The Flash: Fastest Man Alive #8 review

This week’s DC Digital First Flash offering from the editorial office of Andrew Marino features two eight-page stories, both written by Dave Wielgosz, and while they’re different in tone to one another, they’re both pithy, punchy, satisfying reads.

Artist David LaFuente draws the first, Rain on Your Own Parade, in which two people aren’t at all happy with Central City’s annual Flash Day. One is Barry Allen himself, a modest fella who isn’t great with compliments. The other is super-criminal Tarpit.

While it’s predictable that our hero saves the day – that’s why he’s our hero – there are surprises in this short, and it left me smiling broadly. There’s a delightful energy to LaFuente’s Flash artwork, with his Scarlet Speedster at times looking like the chunky guy from the Lego cartoons, while Tarpit is as monstrous as you could wish. Luis Guerrero’s colours are as hot as heck, perfect for the story, while Rob Leigh’s letters are splendidly sharp, both here and in the issue’s second tale.

Dan Mora, who I know only as a cover artist, draws said co-feature, in which police scientist Barry Allen finds the idea that Captain Cold killed a gang of drug-dealers-turned-Popsicles far too pat. The visuals are vibrant, with Mora’s compositions smart and well executed, while colourist Tamra Bonvillain finds a rare balance between moody and brash.

The reveal is a little too guessable, but overall this is a cracking little strip, showing us the Flash actually doing some cop legwork rather than simply waving his CSI bag around. And extra points to writer and artist for Barry’s wall of cool villains… can you name ‘em all?

Hard-working Dan Mora gives us not just realistic folds on clothes, but detailed lab kit

Clever title, too, in Cold Case.

Wielgosz’ day job is as a DC editor, but with this issue he makes a good case – whether intended or otherwise – to be given a crack at the main book. He understands both sides of Barry’s life, has a good grasp of Central City’s criminal ecosystem and doesn’t limit his menaces to fellow speedsters and time travellers.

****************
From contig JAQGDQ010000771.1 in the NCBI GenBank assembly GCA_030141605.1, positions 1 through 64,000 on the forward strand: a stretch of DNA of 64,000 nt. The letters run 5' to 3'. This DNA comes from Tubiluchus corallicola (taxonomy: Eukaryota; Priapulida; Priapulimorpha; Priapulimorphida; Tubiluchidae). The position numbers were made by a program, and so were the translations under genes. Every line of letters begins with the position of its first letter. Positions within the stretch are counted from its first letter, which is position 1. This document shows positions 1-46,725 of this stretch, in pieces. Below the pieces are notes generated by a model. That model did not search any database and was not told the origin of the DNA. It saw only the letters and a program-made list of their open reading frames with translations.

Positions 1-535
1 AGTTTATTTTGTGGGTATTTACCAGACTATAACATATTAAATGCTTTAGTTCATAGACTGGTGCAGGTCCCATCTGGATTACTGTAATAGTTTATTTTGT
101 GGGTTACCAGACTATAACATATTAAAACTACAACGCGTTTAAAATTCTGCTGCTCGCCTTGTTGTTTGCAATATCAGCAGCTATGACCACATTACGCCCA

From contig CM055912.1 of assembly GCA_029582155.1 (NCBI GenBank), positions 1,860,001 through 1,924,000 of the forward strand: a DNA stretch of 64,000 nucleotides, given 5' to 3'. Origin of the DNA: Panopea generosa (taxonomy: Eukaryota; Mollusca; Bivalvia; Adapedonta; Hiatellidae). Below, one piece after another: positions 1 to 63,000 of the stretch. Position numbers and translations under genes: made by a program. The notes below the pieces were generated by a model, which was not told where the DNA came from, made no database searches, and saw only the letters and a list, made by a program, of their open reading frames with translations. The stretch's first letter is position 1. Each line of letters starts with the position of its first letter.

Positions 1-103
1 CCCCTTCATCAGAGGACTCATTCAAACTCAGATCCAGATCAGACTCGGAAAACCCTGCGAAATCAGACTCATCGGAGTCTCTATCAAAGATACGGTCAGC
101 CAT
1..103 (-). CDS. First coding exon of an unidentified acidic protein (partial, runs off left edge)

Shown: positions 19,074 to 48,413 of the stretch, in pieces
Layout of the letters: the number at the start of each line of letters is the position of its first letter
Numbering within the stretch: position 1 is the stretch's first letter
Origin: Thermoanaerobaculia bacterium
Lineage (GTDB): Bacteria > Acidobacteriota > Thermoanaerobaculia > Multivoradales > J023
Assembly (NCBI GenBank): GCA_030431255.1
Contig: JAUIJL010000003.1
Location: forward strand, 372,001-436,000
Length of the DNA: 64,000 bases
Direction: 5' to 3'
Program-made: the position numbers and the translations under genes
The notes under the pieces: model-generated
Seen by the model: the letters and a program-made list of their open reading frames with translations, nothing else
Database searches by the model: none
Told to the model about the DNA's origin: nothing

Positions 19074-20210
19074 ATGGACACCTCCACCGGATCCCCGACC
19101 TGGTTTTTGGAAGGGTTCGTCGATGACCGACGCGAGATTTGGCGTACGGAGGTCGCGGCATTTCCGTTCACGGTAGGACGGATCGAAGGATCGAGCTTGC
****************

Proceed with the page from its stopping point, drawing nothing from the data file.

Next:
And I can’t emphasise enough, these weekly DC Digital First series are less than a buck/quid, tremendous value in these days of $3.99 as standard – a steal to make any Rogue’s heart sing.

4 thoughts on “The Flash: Fastest Man Alive #8 review

  1. With the cancellation of the Giants being announced, I can finally read these without worrying I’m doubling up on future purchases! Two great stories here, very different in tone, with artists really well-suited to the material. I’d love to see more stories drawn by Mora that look at Barry’s life as a cop. It might be a good chance to welcome Frank Curtis back from the valley of forgotten supporting characters!

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    1. It’d be great to see Frank back, I can’t remember the last time we saw him – did he even last beyond #300? Now you’ve brought him up, the Zeitgeist Gods will do their stuff.

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  2. I looked him up, even to remember his last name. He was introduced during Ross Andru’s brief editorship (the long Death of Iris storyline), and appeared off and on a little bit as Len Wein took over the book…less and less after issue 300… and finally made a few appearances in the long Trial of the Flash storyline, with his last one being in 338.

    But I feel like our talking about her years ago got Patty Spivot to return, so maybe you’re right! Let’s have it, universe! Frank’s due for a comeback!

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    1. Great research. I regretted us using our powers to bring back Patty as the Patty that came back was stuck in romance horror with Barry. Shall we try Enrichetta Negrini as well as Frank?

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